99 Under the Civil Service Laws A three-person Civil Service Commission Was given the responsibility to hire government workers on the basis of a standard civil service examination that was open to all applicants, no matter what their political party.

100 Being excluded from federal jobs under the Spoils System Deaf people usually were not politically active. Deaf people began to worry that it discriminated against them. In 1885, the Empire State Association of Deaf-Mutes appointed a committee to convince the Civil Service Commission not to prohibit deaf people from taking the examination.

101 The Civil Service Commission Replied that the Empire State Association did not have its facts correct. (This was true in practice during the 1880’s)R.D. Graham, secretary of the commission, wrote that “there is no provision in the Civil Service Act or Rules which forbids the employment of deaf-mutes.” (This was true in practice during the 1880’s)

102 The NAD Meeting in Chicago in 1893 Passed a resolution stating that “the rules controlling admission to the Civil Service of the Government make unfair discriminations against the deaf and deprive them of their rights as citizens.” The Civil Service Commission found that their information was incorrect.

103 The Facts The Civil Service examination was open to all persons. A decision of the general superintendent of the Railway Mail Service had declared, perhaps for reasons of safety, that deaf people could not be appointed to jobs in this government agency. The Civil Service adopted a regulation excluding deaf people from federal government careers. The rule stated that persons with certain defects were prohibited from taking the Civil Service examination.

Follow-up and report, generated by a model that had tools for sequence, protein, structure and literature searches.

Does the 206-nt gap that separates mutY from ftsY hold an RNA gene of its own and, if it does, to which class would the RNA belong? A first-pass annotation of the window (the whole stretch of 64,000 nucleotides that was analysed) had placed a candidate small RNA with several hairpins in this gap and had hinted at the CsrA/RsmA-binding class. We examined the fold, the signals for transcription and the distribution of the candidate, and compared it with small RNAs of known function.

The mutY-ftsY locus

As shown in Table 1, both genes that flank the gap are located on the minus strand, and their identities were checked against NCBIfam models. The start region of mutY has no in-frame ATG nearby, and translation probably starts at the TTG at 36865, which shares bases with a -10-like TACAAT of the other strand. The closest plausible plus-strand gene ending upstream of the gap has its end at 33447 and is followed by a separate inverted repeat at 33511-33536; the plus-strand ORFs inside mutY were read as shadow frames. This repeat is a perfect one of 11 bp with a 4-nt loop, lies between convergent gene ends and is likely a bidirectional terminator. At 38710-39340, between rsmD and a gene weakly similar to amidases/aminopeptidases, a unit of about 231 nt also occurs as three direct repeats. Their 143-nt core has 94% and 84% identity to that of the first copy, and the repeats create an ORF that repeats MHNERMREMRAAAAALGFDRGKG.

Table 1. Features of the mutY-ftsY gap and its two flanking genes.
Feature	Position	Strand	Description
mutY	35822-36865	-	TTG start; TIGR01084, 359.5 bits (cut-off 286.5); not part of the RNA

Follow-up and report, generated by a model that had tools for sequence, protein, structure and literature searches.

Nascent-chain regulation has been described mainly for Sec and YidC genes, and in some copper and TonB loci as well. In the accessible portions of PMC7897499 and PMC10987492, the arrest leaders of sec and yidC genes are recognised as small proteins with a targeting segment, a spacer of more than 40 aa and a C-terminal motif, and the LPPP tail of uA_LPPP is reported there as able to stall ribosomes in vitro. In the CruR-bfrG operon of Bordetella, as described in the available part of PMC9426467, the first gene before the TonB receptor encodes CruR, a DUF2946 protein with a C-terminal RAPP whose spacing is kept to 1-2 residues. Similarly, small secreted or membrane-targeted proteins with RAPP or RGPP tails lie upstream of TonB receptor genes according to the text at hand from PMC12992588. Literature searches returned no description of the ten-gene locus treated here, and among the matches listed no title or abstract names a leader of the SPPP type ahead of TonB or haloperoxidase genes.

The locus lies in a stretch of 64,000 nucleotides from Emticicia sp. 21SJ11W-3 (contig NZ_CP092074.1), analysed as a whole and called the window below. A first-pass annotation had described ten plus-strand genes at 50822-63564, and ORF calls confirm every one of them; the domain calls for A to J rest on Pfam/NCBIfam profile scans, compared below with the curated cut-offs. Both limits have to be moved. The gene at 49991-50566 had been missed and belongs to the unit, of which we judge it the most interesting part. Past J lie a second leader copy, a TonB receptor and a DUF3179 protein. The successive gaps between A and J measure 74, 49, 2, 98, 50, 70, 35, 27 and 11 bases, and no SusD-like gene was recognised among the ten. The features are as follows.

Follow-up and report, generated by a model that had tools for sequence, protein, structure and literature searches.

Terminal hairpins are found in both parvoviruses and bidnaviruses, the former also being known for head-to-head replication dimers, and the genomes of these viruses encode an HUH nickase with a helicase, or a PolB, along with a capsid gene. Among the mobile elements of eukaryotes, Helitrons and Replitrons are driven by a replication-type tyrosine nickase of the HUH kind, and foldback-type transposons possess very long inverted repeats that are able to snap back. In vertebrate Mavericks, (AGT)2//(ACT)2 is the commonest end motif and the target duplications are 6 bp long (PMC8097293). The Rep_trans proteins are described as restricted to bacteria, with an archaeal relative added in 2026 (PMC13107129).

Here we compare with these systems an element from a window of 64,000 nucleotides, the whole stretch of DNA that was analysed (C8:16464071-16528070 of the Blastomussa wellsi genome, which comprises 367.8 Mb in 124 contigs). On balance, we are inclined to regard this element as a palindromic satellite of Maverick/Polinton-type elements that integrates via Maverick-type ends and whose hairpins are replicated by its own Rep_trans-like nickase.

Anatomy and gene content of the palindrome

104 Letters to President Theodore Roosevelt From George Veditz, Olof Hanson, and other deaf community leaders to protest discrimination. In response, the President asked the Civil Service commissioners to explain their decision, and they responded with an odd letter on February 28, 1908.

105 According to the Commissioners Permitting deaf people to take the examination would not be fair to them. Few passed, and second, because only a small number of those who did pass actually received appointments to government positions, which “resulted in constant complaint from persons thus rejected, as they regarded it as a grievance that, although they had passed the test for eligibility, they were rejected after having gone to the trouble and expense of examination.”

106 The confused logic of this argument, which seemed to imply that too many passed while stating that not enough passed, nevertheless swayed President Roosevelt, and he approved the commissioners’ decision.

107 The Civil Service Statistics In 1908, 28 of the 25,000 persons employed under Civil Service classification were deaf. The proportion of one deaf employee to fewer than 1,000 hearing workers was greater than the overall proportion of deaf people to hearing people in the United States, indicating that the government actually provided a disproportionately high share of jobs for deaf individuals.

108 Pressure from Veditz, the President of the NAD President William Howard Taft took a broader view than Roosevelt. After discussions with Edward Miner Gallaudet, Taft overturned Roosevelt’s decision. Taft’s executive order of April 7, 1909, stated, “Deaf-mutes may be admitted to examination for all places in the classified civil service of the United States whose duties in the opinions of the heads of the several Executive Departments they may be considered capable of performing.”

109 President Taft acknowledged that deaf persons, as a group, should be separated from other “defectives” in the execution of some public policies. Deaf people asserted their uniqueness as a discrete class of Americans. They insisted on their differentness – they were not inferior or incapable of employment.